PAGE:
Real Advice: 5 Reasons to Join a Group Ride

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Like most cyclists, when I first started riding, I rode alone. Since I wasn’t competing, racing or part of a club or anything, I would simply get on the bike when I felt like it and ride for as long as I wanted to. I would push the distances when I felt strong, and over the years, I developed a certain meditative joy in these long solo excursions. The freedom to let my thoughts wander, to let my legs dictate the pace, to go in which ever direction I wanted.

But as time went on I also became conscious of the fact that I wasn’t developing much as a cyclist, because, in short, I didn’t know what I didn’t know.

My introduction to riding with a group came one summer evening when I timidly decided to join a well-known ride in my area. As much as I enjoyed my solo adventures, I wanted to start connecting with other cyclists. The entire day I worried about it. Was I fast enough? Were there some secret rules I didn’t know? Was my bike good enough? Did I have the right gear?

I worried I would be secretly judged, or dropped, or worse. In some ways, it felt like the first day at a new school. I almost backed out at the 11th hour, but I made myself go through with it, and in retrospect I’m glad I did. When I showed up, there were guys with much more expensive bikes, flashier kits, and legs that looked like they could dish out some serious hurt. But of course, it wasn’t as bad as I thought. Everyone was pretty nice and I didn’t get dropped; nobody said anything about my bike or my kit or my helmet.

I showed up again the next week, and the week after, and had soon become a regular at the ride. And a funny thing happened. I began to develop more as a cyclist. Not only did I get faster, and develop more endurance, but I learned more about cycling. And, most importantly, I made some good friends that I started riding with outside of our group.

It’s not to say I don’t still love riding alone. I do. In fact, I eagerly wake up early on Sunday mornings for my long, solo ride into the country. But I still regularly show up to group rides to make some friends, push myself, and test my mettle.

For a quick guide to joining your first group ride, check out our article on Group Rides.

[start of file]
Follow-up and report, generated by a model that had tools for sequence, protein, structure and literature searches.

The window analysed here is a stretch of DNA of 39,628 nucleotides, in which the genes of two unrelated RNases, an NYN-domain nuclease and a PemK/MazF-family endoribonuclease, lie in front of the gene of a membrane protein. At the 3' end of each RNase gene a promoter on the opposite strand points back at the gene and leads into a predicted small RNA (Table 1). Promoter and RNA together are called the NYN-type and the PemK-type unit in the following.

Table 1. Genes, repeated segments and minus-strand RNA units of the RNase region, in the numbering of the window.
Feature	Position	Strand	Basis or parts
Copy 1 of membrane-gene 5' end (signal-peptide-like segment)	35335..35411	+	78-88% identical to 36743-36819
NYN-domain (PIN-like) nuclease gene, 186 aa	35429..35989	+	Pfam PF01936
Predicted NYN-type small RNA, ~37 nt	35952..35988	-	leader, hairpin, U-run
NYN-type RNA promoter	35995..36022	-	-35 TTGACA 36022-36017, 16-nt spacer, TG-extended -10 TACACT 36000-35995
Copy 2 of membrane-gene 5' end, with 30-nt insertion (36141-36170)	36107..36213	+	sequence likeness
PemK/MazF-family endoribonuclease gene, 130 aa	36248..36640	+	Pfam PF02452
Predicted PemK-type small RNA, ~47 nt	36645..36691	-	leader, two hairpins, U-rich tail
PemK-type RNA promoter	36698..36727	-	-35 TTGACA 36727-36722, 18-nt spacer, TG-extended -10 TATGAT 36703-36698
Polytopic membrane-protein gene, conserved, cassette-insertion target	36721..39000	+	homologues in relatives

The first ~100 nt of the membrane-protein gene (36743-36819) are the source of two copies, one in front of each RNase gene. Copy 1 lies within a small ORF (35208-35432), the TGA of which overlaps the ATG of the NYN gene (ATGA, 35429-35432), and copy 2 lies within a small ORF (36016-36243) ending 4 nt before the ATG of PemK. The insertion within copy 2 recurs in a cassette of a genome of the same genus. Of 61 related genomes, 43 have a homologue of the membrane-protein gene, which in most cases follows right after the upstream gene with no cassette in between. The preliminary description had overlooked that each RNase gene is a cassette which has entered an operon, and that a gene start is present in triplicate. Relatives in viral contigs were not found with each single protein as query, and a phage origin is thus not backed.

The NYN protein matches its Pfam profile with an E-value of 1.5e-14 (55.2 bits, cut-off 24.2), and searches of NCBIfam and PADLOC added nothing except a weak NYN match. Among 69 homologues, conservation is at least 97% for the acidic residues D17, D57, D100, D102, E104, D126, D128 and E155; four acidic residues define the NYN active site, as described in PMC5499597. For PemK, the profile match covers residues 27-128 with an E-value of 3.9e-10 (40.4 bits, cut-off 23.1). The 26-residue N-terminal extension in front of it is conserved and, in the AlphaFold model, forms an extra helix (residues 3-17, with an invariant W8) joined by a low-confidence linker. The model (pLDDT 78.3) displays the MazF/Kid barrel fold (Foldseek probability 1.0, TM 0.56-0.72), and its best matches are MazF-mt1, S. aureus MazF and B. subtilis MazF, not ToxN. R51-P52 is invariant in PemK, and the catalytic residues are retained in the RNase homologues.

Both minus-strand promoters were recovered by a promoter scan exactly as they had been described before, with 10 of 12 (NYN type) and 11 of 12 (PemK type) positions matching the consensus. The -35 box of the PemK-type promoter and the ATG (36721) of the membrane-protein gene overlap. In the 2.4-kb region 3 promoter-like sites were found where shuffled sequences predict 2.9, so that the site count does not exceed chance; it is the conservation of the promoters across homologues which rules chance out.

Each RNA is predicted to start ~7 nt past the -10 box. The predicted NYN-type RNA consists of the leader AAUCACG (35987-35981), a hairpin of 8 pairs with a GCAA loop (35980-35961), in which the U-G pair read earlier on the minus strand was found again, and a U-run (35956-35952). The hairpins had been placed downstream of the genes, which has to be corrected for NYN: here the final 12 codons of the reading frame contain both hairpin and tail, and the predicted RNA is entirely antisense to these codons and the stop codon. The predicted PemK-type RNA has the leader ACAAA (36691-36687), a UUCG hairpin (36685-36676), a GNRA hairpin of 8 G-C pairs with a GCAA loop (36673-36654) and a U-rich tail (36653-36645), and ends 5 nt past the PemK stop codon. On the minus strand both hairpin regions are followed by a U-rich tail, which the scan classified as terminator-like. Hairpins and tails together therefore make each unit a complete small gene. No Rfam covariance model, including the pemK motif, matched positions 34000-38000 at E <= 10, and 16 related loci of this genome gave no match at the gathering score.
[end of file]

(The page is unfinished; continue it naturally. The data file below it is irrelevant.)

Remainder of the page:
As a cyclist, whether recreational or competitive, riding with a group has a lot of benefits.

1.    You’ll Get Stronger: It’s almost a guarantee that many, if not most, of the riders in the group will be stronger, and you’ll have to push yourself out of your comfort zone. This leads to big improvements in your fitness.
2.    You’ll Learn More: Are you pushing too big of a gear? Not shifting in the right spots? Every group ride is full of riders who are eager to share what they know. Just try not to take offense, they’re just trying to help.
3.    You’ll Feel More Confident: You never know what you’re capable of until you try. Riding with a group will help you quickly master many of the complexities of cycling and be a stronger, more confident rider over all.
4.    You’ll Make Friends: Unless you’re that guy (and you don’t want to be that guy) that attacks when someone flats, you’ll probably make some pretty good friends on your group ride.
5.    It’s Fun: Sometimes riding can become a chore, especially if you always ride alone. Instead of always doing the same routes and struggling in the same spots, riding with a group can help spice up your riding life and give some variety to your cycling.

To find a ride in your area, contact your local Performance Bicycle store. All Performance stores have a Great Ride Series group ride at 8AM every Saturday morning, or they can help you find a ride suited to your skill and riding level.

Want more Real Advice? Click here to see more tips and tricks from cyclists just like you.